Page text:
October 2017 // Volume 55 // Number 5 // Feature // v55-5a2
A National Framework for Urban Extension
To help ensure Extension's relevance and accessibility to an increasingly diverse population, the National Urban Extension Leaders group created a framework based on historical and emerging developments. Themes focus on programs, personnel, partnership, and the positioning of Extension at local, state, and national levels. For Extension to be a vibrant and resilient 21st-century system, it must build on best practices, leverage regional and national networks, and invest in innovative strategies that engage people living and working in metropolitan communities. A robust urban Extension presence contributes to building strong connectivity among urban, suburban, and rural communities.
In an effort to reinvigorate a national discussion and move toward a more sustainable and integrated approach to urban Extension, a group of mid-level administrators working in metropolitan areas across the United States began meeting in late 2013. This group is called the National Urban Extension Leaders (NUEL). NUEL's steering committee prepared A National Framework for Urban Extension, a report for the Extension Committee on Organization and Policy (ECOP). In October 2015, ECOP approved NUEL as a director/administrator-approved group of Extension employees who cooperate in advancing the strategic importance and long-term value of urban Extension activities by being relevant locally, responsive statewide, and recognized nationally. Advancing urban Extension is now one of ECOP's top priorities (Extension Committee on Organizational Policy, 2015; National Urban Extension Leaders, 2015).
Although there are many similarities in Extension's work across all geographic settings, dynamic situations in cities and large metropolitan areas present unique challenges and opportunities as Extension extends a history of innovation. Rural and urban communities are interdependent (Dabson, 2007; Davoudi & Stead, 2002; Lichter & Brown, 2014), necessitating a synchronized flow of Extension's work along the urban–rural continuum. To embrace effective urban Extension models and approaches, the Cooperative Extension System need not abandon its historic rural agendas.
Capitalizing on the extensive resource network of the nationwide land-grant university system, Extension must become better equipped to efficiently and effectively address complex urban priorities. In this article, we summarize relevant national trends and their overarching implications; suggest, against a backdrop of historical context, emerging opportunities and recommendations related to urban Extension; and issue a call to action. For the purpose of this article, the terms urban, metropolitan, and city are used interchangeably to refer to densely populated areas; no consistent parameters for population density have been established with regard to urban Extension.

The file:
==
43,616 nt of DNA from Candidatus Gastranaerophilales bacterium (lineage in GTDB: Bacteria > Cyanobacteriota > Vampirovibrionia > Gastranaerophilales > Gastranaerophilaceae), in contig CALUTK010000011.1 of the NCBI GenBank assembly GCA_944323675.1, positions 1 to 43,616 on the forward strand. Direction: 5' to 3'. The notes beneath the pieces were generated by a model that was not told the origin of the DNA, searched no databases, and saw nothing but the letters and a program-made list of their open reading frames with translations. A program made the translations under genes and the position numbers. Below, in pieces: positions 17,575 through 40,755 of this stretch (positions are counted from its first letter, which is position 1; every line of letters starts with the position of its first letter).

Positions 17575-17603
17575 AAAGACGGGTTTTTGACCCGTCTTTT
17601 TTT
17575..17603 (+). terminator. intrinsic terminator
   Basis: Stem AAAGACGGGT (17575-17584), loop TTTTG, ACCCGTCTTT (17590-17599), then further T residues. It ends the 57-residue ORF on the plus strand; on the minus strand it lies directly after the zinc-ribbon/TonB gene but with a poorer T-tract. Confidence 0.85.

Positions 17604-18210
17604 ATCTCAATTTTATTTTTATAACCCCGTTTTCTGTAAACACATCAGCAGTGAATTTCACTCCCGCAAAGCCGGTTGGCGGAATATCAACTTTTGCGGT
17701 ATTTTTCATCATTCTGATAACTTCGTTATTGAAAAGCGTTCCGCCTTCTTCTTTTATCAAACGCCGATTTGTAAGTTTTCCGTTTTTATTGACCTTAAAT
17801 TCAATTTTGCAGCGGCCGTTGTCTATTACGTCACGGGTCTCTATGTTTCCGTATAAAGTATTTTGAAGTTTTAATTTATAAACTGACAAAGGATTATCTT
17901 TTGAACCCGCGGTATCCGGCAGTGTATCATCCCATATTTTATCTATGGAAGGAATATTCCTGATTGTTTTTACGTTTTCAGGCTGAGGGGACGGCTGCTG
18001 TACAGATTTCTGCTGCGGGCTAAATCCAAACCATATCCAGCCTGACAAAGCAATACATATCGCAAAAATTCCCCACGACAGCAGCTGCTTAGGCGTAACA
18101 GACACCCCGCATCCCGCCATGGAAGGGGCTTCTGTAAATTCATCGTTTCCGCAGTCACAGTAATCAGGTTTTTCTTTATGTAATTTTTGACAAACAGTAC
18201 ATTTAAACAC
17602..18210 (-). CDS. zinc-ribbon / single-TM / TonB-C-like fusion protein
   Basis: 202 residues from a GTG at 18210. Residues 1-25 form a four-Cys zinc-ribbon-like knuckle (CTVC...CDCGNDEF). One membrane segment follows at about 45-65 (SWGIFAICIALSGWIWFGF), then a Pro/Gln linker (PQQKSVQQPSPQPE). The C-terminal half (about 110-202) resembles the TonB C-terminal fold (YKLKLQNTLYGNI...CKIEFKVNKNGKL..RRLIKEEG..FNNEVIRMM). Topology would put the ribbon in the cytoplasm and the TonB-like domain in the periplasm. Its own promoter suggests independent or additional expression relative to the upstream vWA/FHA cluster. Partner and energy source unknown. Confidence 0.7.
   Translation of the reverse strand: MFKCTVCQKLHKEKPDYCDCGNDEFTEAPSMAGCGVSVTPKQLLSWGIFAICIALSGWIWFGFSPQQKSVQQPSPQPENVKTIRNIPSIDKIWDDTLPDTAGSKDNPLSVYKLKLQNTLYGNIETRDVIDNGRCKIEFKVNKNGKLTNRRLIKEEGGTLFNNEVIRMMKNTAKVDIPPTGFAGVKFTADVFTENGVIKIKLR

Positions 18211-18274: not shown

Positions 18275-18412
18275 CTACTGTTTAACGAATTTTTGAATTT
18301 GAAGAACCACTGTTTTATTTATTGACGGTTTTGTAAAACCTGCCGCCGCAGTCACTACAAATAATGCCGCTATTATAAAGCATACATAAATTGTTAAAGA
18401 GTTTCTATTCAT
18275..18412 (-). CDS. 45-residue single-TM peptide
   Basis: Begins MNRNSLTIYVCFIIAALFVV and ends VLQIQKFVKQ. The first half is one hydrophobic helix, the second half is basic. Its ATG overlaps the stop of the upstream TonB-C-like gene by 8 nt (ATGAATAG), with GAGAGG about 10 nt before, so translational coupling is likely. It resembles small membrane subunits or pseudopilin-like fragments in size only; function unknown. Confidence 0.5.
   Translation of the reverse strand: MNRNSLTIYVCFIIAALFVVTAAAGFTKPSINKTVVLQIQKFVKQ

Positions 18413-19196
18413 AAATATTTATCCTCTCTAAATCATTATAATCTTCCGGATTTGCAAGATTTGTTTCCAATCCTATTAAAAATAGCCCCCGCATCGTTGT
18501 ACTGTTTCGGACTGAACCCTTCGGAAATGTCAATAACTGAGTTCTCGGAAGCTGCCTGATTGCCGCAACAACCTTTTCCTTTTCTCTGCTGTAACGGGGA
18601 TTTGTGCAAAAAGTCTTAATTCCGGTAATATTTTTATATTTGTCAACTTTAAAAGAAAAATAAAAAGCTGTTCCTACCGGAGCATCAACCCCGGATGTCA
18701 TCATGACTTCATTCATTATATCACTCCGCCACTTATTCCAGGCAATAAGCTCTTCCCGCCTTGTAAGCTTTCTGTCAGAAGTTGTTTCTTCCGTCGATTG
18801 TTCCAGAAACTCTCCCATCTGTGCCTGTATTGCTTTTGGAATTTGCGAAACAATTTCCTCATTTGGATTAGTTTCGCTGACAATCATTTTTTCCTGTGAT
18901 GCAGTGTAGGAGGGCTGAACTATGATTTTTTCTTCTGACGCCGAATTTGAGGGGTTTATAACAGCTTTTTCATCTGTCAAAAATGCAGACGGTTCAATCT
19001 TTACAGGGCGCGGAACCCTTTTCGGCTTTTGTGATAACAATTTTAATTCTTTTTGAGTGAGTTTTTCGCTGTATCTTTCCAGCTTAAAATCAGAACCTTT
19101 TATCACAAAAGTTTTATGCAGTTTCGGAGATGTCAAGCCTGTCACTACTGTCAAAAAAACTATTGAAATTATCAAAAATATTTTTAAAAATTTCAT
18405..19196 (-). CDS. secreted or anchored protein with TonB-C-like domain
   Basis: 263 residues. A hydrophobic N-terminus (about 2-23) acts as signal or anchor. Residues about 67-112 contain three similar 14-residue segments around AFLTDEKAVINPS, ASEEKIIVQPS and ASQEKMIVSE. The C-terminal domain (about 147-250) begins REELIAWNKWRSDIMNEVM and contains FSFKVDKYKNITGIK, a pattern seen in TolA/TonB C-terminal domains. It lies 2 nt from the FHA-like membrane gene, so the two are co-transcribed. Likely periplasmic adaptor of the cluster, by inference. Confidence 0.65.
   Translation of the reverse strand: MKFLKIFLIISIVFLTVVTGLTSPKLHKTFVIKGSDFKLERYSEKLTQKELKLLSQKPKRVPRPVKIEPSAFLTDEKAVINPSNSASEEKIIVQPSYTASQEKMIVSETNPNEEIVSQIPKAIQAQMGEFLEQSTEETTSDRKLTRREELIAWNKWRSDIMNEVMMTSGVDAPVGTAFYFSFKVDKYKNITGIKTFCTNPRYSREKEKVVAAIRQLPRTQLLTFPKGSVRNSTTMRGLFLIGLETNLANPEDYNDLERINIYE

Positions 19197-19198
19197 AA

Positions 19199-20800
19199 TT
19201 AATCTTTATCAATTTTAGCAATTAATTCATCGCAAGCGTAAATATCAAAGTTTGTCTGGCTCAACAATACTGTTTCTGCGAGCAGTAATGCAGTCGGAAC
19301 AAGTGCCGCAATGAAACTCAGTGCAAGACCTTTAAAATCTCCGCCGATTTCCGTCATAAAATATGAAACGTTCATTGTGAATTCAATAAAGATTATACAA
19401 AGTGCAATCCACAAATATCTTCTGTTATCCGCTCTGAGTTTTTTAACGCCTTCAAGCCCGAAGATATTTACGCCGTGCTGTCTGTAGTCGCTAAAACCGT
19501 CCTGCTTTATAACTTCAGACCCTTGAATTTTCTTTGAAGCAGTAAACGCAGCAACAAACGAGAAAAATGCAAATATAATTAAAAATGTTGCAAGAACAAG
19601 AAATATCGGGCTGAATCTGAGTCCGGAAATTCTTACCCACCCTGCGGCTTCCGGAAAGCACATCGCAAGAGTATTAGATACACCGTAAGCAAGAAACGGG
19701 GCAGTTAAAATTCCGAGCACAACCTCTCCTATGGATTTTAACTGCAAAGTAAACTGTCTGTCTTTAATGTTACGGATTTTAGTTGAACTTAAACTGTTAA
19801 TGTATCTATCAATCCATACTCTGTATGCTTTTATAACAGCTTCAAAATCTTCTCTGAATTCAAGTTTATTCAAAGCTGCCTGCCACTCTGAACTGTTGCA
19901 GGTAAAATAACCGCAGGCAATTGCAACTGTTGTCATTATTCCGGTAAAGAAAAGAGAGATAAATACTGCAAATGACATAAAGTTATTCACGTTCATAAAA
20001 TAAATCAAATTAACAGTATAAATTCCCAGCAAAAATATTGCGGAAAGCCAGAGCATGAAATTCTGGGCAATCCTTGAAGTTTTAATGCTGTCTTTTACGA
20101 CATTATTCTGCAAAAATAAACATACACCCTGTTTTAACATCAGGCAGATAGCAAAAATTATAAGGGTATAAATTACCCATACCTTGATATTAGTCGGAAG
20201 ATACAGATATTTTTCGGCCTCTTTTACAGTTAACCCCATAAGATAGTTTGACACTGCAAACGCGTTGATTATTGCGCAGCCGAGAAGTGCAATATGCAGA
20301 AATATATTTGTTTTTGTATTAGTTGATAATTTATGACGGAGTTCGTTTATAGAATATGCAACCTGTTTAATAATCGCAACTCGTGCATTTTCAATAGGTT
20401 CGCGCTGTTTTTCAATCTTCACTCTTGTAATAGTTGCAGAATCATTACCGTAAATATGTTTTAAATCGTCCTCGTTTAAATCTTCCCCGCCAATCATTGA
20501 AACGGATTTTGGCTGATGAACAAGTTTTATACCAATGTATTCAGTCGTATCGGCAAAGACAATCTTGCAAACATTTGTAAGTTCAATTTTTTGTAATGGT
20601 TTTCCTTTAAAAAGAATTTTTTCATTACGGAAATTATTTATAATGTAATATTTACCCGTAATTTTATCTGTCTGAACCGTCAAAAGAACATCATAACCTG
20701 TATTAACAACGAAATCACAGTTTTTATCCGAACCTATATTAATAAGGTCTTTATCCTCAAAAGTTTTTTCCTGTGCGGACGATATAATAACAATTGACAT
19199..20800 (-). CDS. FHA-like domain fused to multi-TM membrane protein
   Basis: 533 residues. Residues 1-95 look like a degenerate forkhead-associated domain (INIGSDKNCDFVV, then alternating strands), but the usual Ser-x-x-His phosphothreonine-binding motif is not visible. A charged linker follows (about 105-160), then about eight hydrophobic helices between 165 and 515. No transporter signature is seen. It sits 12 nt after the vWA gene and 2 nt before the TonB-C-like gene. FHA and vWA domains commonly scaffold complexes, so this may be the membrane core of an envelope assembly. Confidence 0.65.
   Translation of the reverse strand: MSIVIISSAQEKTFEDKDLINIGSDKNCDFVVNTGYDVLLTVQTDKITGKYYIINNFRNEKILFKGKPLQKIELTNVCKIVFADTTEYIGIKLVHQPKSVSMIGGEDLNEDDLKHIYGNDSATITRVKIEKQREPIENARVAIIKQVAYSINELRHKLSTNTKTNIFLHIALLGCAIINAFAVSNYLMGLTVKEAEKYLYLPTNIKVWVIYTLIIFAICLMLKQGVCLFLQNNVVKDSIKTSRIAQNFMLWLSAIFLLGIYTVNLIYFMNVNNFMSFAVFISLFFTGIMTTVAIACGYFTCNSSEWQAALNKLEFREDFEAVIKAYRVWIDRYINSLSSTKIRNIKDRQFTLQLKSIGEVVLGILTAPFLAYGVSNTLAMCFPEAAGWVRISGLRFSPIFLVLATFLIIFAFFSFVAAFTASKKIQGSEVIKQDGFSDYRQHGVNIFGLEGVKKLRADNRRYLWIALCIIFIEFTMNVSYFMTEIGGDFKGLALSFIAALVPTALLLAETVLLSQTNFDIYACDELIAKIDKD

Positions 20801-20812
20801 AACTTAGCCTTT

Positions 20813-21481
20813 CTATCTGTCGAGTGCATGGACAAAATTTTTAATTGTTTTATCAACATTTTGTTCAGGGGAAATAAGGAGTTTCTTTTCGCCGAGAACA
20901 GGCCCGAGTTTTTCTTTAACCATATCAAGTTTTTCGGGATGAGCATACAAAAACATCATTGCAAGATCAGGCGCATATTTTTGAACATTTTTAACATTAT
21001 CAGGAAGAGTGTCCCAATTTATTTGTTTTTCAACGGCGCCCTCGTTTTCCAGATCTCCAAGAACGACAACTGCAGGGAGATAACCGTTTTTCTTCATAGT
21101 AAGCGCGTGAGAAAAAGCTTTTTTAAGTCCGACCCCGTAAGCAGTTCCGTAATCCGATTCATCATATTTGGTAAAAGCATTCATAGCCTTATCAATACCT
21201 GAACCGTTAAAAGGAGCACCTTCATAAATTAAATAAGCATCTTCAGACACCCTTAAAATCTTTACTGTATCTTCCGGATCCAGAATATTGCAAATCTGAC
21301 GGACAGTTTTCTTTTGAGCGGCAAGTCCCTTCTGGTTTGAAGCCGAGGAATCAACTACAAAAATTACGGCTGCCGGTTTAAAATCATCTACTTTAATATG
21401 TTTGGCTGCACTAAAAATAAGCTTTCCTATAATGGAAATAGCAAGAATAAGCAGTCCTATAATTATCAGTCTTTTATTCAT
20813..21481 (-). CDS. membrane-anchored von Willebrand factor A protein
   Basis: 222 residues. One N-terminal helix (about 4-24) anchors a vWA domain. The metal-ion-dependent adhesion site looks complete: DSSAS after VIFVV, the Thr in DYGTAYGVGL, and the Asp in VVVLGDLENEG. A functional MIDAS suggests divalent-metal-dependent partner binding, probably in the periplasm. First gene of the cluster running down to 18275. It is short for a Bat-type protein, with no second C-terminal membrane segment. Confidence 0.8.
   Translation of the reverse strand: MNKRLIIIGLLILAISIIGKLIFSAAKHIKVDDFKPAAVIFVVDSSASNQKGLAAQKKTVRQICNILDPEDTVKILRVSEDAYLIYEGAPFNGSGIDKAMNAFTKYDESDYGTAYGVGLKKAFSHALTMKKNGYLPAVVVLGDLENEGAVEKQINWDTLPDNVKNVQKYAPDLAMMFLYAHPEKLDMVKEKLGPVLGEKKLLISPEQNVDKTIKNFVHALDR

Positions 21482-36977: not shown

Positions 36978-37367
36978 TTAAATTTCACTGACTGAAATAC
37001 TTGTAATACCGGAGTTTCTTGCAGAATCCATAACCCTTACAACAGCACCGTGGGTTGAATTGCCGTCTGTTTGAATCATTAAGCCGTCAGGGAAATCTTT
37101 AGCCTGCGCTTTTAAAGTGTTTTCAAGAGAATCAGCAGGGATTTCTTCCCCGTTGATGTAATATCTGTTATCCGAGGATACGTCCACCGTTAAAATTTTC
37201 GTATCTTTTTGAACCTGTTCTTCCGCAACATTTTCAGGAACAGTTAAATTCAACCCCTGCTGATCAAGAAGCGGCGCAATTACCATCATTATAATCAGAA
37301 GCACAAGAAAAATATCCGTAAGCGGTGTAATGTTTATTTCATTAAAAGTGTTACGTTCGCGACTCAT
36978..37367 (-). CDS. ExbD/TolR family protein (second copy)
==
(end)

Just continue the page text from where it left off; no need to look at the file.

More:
Assessment of National Trends and Their Overarching Implications
Through an informal review of diverse resources from academia, industry, and government, the NUEL steering committee, of which we are part, assessed national trends and identified three primary shifts influencing Extension's work in urban communities. These are shifts in demographic characteristics, community conditions, and urban-suburban-rural interdependencies.
In the 100 years since the passage of the Smith-Lever Act, the distribution of the U.S. population has dramatically changed, with an overwhelming majority of the population now living in and around metropolitan centers. Today, more than 80% of the country's population lives in urban or metropolitan areas, and projections indicate that this percentage will continue to grow (U.S. Census, 2016a, 2016c, 2016d; U.S. Department of Agriculture [USDA] Economic Research Service [ERS], 2015). If Extension is to achieve a level of success in the 21st century similar to its 20th-century accomplishments, it must have an impactful presence in cities and metropolitan areas.
This shift in the physical location of the United States' population has been accompanied by a change in demographics of the population. In 2012 the U.S. Census Bureau announced that the national demographic projections for the coming few decades indicated that the United States will have an older and more diverse population (U.S. Census Bureau Public Information Office, 2012). A high degree of ethnic and racial diversity enriches and challenges metropolitan communities (Farrell & Lee, 2011; Graham, Munniksma, & Juvonen, 2014; Meissner & Vertovec, 2015). Extension can view both the benefits and difficulties of this circumstance as opportunities for engagement.